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ScienceDaily: Mind & Brain News


Alzheimer's and cardiovascular disease share common genetics in some patients
Grief linked to sleep disturbances that can be bad for the heart
Mild blast forces cause brain pathology and deficits, despite lack of macroscopic damage
Eye contact reduces lying
Scientists solve century-old neuroscience mystery; answers may lead to epilepsy treatment
Patients with untreated hearing loss incur higher health care costs over time
Automated detection of sleep states from olfactory brain waves
Can stimulating the brain treat chronic pain?
Brain learns to recognize familiar faces regardless of where they are in the visual field
Multiple sclerosis: Accumulation of B cells triggers nervous system damage
Flipped classroom enhances learning outcomes in medical certificate education


Alzheimer's and cardiovascular disease share common genetics in some patients



Posted: 09 Nov 2018 12:55 PM PST


Genetics may predispose some people to both Alzheimer's disease and high levels of blood lipids such as cholesterol, a common feature of cardiovascular disease, according to a new study.


Grief linked to sleep disturbances that can be bad for the heart



Posted: 09 Nov 2018 12:55 PM PST


People who have recently lost a spouse are more likely to have sleep disturbances that exacerbate levels of inflammation in the body, according to new research. These elevated levels of inflammation may increase risk for cardiovascular illness and death.


Mild blast forces cause brain pathology and deficits, despite lack of macroscopic damage



Posted: 09 Nov 2018 12:55 PM PST


Using a rat model of bTBI, researchers show how even mild exposure to a single blast shock wave is able to induce small but potentially very meaningful pathogenic effects that accumulate with time. These effects, detected at the microscopic level, included microvascular damage, injury to nerve axons and signs of neuroinflammation in various brain regions. Brain function also changed, as shown by impaired short-term synaptic plasticity.


Eye contact reduces lying



Posted: 09 Nov 2018 09:26 AM PST


A new study found that eye contact can make us act more honestly.


Scientists solve century-old neuroscience mystery; answers may lead to epilepsy treatment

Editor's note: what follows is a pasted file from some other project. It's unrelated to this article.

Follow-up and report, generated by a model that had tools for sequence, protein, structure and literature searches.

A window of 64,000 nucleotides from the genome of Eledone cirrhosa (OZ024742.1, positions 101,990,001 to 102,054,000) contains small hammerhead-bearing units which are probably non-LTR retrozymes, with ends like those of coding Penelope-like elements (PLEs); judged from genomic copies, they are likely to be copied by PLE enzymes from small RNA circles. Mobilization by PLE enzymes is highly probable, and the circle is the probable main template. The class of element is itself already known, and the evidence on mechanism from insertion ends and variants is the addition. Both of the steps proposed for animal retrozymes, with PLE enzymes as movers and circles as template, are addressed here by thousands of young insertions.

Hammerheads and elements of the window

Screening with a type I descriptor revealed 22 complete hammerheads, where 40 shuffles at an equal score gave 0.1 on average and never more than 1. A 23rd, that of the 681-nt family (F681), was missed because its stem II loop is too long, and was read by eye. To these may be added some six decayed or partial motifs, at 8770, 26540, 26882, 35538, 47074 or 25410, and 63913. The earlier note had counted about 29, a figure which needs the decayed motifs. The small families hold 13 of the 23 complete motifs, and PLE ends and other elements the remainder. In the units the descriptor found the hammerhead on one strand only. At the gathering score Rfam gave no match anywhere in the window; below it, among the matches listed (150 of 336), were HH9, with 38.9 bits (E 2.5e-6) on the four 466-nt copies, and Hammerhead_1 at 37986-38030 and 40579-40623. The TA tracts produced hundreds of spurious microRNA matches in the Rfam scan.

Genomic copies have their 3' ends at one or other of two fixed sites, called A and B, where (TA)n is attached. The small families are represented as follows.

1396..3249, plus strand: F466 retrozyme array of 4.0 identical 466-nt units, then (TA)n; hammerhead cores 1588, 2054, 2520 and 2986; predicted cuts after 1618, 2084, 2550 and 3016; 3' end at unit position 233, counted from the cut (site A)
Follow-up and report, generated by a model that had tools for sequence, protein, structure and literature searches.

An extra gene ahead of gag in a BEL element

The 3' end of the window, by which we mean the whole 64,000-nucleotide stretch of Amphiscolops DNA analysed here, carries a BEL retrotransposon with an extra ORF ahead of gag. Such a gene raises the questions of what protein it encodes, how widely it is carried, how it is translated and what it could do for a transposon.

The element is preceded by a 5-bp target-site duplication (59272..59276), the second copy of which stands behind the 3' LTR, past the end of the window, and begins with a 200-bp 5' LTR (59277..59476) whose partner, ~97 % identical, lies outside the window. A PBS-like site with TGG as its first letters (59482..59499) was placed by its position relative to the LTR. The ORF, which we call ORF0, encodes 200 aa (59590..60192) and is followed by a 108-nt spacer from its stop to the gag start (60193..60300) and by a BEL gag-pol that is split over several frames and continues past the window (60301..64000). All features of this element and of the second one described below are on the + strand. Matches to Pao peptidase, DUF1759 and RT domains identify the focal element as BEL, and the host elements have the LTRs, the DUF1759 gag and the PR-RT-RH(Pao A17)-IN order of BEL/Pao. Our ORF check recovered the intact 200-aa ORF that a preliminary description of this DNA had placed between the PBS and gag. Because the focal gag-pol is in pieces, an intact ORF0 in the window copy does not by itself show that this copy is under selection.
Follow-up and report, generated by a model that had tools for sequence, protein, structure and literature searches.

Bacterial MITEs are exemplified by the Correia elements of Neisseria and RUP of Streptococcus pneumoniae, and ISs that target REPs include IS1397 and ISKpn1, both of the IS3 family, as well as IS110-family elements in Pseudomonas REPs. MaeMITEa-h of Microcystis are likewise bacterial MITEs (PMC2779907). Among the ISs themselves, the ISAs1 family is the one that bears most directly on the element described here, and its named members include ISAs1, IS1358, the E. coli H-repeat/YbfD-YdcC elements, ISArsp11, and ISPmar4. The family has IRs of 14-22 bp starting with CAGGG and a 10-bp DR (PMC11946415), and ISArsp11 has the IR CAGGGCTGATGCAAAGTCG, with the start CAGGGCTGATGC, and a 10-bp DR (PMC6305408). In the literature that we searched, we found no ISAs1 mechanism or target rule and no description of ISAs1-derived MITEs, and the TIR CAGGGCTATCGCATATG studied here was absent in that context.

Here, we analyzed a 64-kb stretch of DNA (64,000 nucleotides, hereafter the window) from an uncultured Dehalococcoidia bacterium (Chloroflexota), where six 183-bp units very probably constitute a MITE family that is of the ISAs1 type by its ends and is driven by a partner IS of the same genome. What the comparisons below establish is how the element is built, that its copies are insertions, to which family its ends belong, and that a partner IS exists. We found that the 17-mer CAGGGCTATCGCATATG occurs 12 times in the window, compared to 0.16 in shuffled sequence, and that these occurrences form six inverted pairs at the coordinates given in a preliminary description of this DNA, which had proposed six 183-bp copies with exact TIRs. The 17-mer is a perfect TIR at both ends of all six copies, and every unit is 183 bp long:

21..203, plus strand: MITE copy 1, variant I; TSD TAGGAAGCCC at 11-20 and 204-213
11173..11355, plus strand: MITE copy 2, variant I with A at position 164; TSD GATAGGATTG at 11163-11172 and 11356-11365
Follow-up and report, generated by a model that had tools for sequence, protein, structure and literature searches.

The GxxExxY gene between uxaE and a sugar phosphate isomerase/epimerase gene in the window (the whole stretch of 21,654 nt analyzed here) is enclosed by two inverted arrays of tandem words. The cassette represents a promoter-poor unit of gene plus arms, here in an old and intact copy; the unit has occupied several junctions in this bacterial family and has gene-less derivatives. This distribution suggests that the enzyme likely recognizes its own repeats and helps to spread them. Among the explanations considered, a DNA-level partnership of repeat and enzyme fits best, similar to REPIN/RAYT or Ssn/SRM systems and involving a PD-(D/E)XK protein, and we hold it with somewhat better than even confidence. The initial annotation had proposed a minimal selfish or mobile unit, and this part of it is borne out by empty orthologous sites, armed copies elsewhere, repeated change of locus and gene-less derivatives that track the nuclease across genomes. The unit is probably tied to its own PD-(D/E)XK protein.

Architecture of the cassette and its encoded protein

Posted: 09 Nov 2018 04:30 AM PST


Scientists have solved a 125-year-old mystery of the brain, and, in the process, uncovered a potential treatment for acquired epilepsy. Perineuronal nets modulate electrical impulses in the brain, and, should the nets dissolve, brain seizures can occur.


Patients with untreated hearing loss incur higher health care costs over time



Posted: 08 Nov 2018 11:23 AM PST


Older adults with untreated hearing loss incur substantially higher total health care costs compared to those who don't have hearing loss -- an average of 46 percent, totaling $22,434 per person over a decade, according to a new study.


Automated detection of sleep states from olfactory brain waves



Posted: 08 Nov 2018 11:22 AM PST


Scientists have developed a completely automated technique for real-time detection of sleep/wake states in freely moving mice.


Can stimulating the brain treat chronic pain?



Posted: 08 Nov 2018 10:05 AM PST


For the first time, researchers have shown they could target one brain region with a weak alternating current of electricity, enhance the naturally occurring brain rhythms of that region, and significantly decrease symptoms associated with chronic lower back pain.


Brain learns to recognize familiar faces regardless of where they are in the visual field



Posted: 08 Nov 2018 10:05 AM PST


A new study finds that recognition of faces varies by where they appear in the visual field and this variability is reduced by learning familiar faces through social interactions. The findings suggest that repeated social interactions may tune populations of visual neurons in the face processing network to enable consistent and rapid recognition of familiar faces.


Multiple sclerosis: Accumulation of B cells triggers nervous system damage



Posted: 08 Nov 2018 08:17 AM PST


B cells are important in helping the immune system fight pathogens. However, in the case of the neurological autoimmune disease Multiple sclerosis (MS) they can damage nerve tissue. When particular control cells are missing, too many B cells accumulate in the meninges, resulting in inflammation of the central nervous system. A team demonstrated the process using animal and patient samples.


Flipped classroom enhances learning outcomes in medical certificate education



Posted: 08 Nov 2018 07:59 AM PST


The quality of medical certificates written by students of medicine was better when they were taught by using the flipped classroom approach instead of traditional lecturing. A randomly selected student from the flipped classroom group had an 85 percent probability to receive a better total score than a student from the traditional teaching group, according to a new study.
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